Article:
Autism Parents and Celebrity Endorsements

Now that the Jenny McCarthy bandwagon appears to be slowing down it is as well to remember that lots of parents are writing intelligent, heart warming and thought provoking accounts of their experience in raising a child with autism. Lacking McCarthy’s dubious claims to fame and fortune, not many of them get the chance to publish a book or be courted by Oprah or People Magazine. These parents are all intervening to help their children. But unlike McCarthy they do not subscribe to the view that,

“……as long as autism is considered a mental disorder or genetic disorder, then the list of referral specialists is quite predictable: neurologists, geneticists, behavioral pediatrician, psychiatrist, and therapist for mom, since most of the issues are her fault anyway.  But, you know what, despite all the evaluations and platitudes, the child somehow improves only minimally, if at all.Autism, as I see it, steals the soul from the child; then, if allowed, relentlessly sucks life’s marrow out of the family members one by one…….”

Nice, eh? A typical rant from one of mercury malicia? Not exactly. It is part of the forward to McCarthy’s book. The author is Jerry Kartzinel MD, the medical director of paediatric services at Andrew Wakefield’s Thoughtful House Clinic in Austin, Texas. Their website is down at the moment because it has exceeded its bandwidth. I would like to think their server has been overwhelmed with angry parents seeking to complain about Kartzinel’s dehumanizing comments about autism. But it is more likely that the Jerry and Jenny media roadshow has sent them a whole new raft of hopefuls looking for a magic cure.  There is a lively discussion about Kartzinel’s remarks over on Left Brain/Right Brain.

But back to autism parents.

As well as the members of the autism hub there are lots of others out there. Thanks to McCarthy for bringing these to my attention.

The Quirk Factor: Resistance is Futile

Mommyhood – the Adventures of Kim and Alex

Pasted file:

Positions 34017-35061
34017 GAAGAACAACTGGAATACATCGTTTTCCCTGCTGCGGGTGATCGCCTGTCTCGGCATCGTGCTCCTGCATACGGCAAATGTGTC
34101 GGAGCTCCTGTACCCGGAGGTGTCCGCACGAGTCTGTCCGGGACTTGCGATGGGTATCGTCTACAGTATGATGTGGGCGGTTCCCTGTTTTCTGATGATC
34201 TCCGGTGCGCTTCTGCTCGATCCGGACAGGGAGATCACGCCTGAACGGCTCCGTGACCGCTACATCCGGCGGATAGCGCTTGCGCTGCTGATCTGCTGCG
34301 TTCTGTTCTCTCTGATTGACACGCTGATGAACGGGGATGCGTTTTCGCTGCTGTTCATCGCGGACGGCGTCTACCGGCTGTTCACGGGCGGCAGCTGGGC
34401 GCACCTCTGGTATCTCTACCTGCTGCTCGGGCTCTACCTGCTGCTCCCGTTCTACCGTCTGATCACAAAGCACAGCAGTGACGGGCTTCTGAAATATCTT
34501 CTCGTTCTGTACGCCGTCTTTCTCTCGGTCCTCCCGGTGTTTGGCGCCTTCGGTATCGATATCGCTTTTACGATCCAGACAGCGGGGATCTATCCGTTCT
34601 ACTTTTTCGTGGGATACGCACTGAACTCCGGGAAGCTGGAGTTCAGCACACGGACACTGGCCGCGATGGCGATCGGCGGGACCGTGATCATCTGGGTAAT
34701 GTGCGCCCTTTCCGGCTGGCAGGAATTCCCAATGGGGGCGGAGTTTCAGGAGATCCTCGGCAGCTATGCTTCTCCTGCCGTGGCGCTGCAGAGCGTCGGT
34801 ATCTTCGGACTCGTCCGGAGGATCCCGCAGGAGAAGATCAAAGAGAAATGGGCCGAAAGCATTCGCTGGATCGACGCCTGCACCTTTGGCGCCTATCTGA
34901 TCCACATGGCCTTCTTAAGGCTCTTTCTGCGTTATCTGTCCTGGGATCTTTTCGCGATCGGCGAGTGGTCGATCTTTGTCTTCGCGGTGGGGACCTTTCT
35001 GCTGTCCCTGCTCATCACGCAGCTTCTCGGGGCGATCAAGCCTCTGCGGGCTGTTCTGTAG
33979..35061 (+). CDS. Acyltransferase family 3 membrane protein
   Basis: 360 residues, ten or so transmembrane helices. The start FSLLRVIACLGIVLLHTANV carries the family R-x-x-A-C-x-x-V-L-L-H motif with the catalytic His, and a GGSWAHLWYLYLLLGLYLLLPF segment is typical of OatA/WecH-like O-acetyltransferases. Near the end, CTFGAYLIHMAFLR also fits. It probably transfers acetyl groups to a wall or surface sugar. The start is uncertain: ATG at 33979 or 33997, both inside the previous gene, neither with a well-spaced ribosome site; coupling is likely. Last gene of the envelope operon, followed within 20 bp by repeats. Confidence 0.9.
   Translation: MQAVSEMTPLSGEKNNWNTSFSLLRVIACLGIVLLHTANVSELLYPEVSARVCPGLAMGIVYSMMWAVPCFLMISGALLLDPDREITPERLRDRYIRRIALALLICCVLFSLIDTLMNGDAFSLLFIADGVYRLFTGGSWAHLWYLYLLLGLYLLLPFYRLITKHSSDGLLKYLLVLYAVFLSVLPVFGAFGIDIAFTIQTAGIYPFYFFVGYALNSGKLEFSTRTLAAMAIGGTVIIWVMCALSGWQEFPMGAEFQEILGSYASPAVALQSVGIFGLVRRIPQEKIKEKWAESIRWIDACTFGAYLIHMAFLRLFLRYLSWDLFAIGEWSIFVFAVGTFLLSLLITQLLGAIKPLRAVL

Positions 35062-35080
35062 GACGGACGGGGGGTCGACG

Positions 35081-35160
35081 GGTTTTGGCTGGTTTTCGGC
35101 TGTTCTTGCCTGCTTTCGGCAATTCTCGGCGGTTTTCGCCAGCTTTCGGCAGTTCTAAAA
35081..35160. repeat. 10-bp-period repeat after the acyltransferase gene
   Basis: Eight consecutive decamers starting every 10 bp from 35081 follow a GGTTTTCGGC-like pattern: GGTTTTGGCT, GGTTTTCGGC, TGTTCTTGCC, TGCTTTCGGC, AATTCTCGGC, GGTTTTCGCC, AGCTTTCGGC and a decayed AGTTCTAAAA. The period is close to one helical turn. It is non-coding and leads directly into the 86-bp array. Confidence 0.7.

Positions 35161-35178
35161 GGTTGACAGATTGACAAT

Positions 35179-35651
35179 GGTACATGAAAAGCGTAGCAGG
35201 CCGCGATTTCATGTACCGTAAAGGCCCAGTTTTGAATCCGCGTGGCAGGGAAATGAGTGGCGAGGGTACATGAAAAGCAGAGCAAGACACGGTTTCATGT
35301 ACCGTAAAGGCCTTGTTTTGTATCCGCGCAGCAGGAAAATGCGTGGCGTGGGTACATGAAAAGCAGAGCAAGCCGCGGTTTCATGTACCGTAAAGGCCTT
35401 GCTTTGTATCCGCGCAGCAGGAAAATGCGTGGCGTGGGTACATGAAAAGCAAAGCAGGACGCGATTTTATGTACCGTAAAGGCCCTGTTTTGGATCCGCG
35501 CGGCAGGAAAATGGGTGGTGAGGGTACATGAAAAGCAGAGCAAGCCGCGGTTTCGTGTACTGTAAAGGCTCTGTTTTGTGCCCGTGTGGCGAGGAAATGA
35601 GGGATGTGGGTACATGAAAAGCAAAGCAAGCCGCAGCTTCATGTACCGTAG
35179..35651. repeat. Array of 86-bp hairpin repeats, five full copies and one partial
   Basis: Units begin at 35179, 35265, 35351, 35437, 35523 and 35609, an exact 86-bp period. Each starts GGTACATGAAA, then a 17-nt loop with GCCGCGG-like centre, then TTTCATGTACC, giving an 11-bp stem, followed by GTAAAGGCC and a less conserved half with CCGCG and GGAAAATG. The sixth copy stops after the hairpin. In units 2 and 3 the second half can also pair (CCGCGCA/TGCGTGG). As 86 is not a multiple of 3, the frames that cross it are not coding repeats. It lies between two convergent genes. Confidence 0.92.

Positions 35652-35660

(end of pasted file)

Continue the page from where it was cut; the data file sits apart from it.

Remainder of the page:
And here is another parent blog that is well worth reading and seems to be a McCarthy free zone. 🙂

Mother of Shrek

Celebrity Endorsements

If we go beyond the mutual backslapping of Kartzinel and McCarthy, it is true that there are so many books, methods and programmes out there that we often rely on other people’s endorsements to guide our choices. If an acknowledged expert in the field is quoted on the dust jacket or writes a favourable review it can only help sales. We also have autistic celebrities, who may not be autism experts but speak with some authority because they have written and spoken about their autism in ways that connect to the experience of others on the autistic spectrum and their families.

Two of the most famous examples are Temple Grandin and Donna Williams. Sharon has blogged about a recent lecture in Belfast by Donna Williams. Sharon noted all her points of agreement with Donna Williams.

As the lecture progressed however, I was noting more things that I didn’t agree with. First she spoke about cranial sacral therapy, saying it benefited her, which I don’t doubt. She suggested it could benefit other autistic people too, and again, maybe it could. But as a technique, there’s no evidence of any effectiveness and the claims made sound rather like, oh what’s that word…quackery.She also mentioned all sorts of medical problems, and again either stated or implied (I can’t remember) that these are common place in autistic people. She mentioned her own issues; salicylate intolerance, immune deficiency, gluten and dairy intolerance. She recommended that anyone thinking that their children may be affected by such issues, should investigate GF/CF diets, low sugar and low salicylate diets. She referred to the ‘leaky gut’ theory, stating that for many autistic people, gluten and casein can act like opiates. In fact, when one woman asked for advice on her son’s habit of head banging, Donna again mentioned this, saying this is sometimes a symptom of what she termed ‘brain fog’, that is, undigested enzymes crossing the blood-brain barrier.What was missing from all these discussions of medical issues, both in the main lecture and while answering questions from the audience later, was any mention of doctors or dietitians. Donna mentioned naturopaths, chiropractors, reflexologists and osteopaths. These are not practitioners of evidence based therapies.

Sharon wrote another post about the sponsors of Donna Williams’ lecture – P2P Autism – who are trying to spread the DAN! message in Ireland. Donna Williams appeared in the comments section to defend her position and  Sharon has another post in which she deals with all Donna’s points.